Ah, the perfectionist and public speaking. Without a doubt, those who seek perfection when addressing an audience are chasing an elusive dream. There are no sports played perfectly, no concerts performed without a flaw and no theater productions that are delivered without a mistake. While you may believe that the game was thrilling, or the concert was sublime, or the play was excellent, none of those adjectives mean perfection.

What is perfection in a live performance? Just because you think it was perfect does not necessarily mean that someone else will think it perfect. The truth of this statement can be found in the reviews that will be written about the game or the performance. You may have thought it was perfect; the reviewer may have felt differently.

Instead of obsessing about trying to achieve the impossible in public speaking, why not strive to do the best job that you can do?

    1. Know your material by creating it a few weeks in advance. Do not wait until the day before the event because that will only add to your stress.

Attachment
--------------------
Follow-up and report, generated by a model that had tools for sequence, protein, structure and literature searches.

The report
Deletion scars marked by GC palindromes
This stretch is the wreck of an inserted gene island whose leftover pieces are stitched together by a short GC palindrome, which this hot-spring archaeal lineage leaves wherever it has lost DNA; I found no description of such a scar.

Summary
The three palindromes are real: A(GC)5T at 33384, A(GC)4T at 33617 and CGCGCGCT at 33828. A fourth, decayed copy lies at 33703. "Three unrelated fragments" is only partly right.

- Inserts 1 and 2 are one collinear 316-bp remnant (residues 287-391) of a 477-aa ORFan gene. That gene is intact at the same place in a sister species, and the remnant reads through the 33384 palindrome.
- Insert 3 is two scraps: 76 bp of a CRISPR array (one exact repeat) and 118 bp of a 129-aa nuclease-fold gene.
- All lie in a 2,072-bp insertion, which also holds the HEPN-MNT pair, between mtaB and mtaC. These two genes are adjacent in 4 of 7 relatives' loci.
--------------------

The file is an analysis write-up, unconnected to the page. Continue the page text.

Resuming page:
2. Practice delivering your speech or presentation OUT LOUD. If you think you can address an audience by only going over your script in your mind, think again. You are guaranteed to say and hear things that will surprise you if you do not rehearse your material orally.
    3. When practicing, if you make a mistake, do not let it bother you. If you make a lot of mistakes, you don’t know your material very well. Keep practicing.
    4. Learn your material in blocks. Your opening is a block and every subtopic to follow is a block of material as well as your closing. It is much easier to learn how you are going to say it if you practice by this method.
    5. Be realistic in your goals. A mistake or two is not the end of the world. Speaking from your heart with passion and emotion, making eye contact with your audience, and striving to do the best job – not a perfect one – should be your goal.

Your audience is not expecting perfection. They have chosen to be in attendance because they believe you have something of value to offer them. They are your reason for speaking – it is not the other way around. This is something all public speakers should understand first and foremost because without an audience, there is no presentation or speech.

Do not obsess over something which is unattainable. Seek excellence instead.

Author's Bio: 

The Voice Lady Nancy Daniels offers private, corporate and group workshops in voice and presentation skills as well as Voicing It!, the only video training program on voice improvement. Visit Voice Dynamic and watch Nancy as she describes Your Least Developed Tool!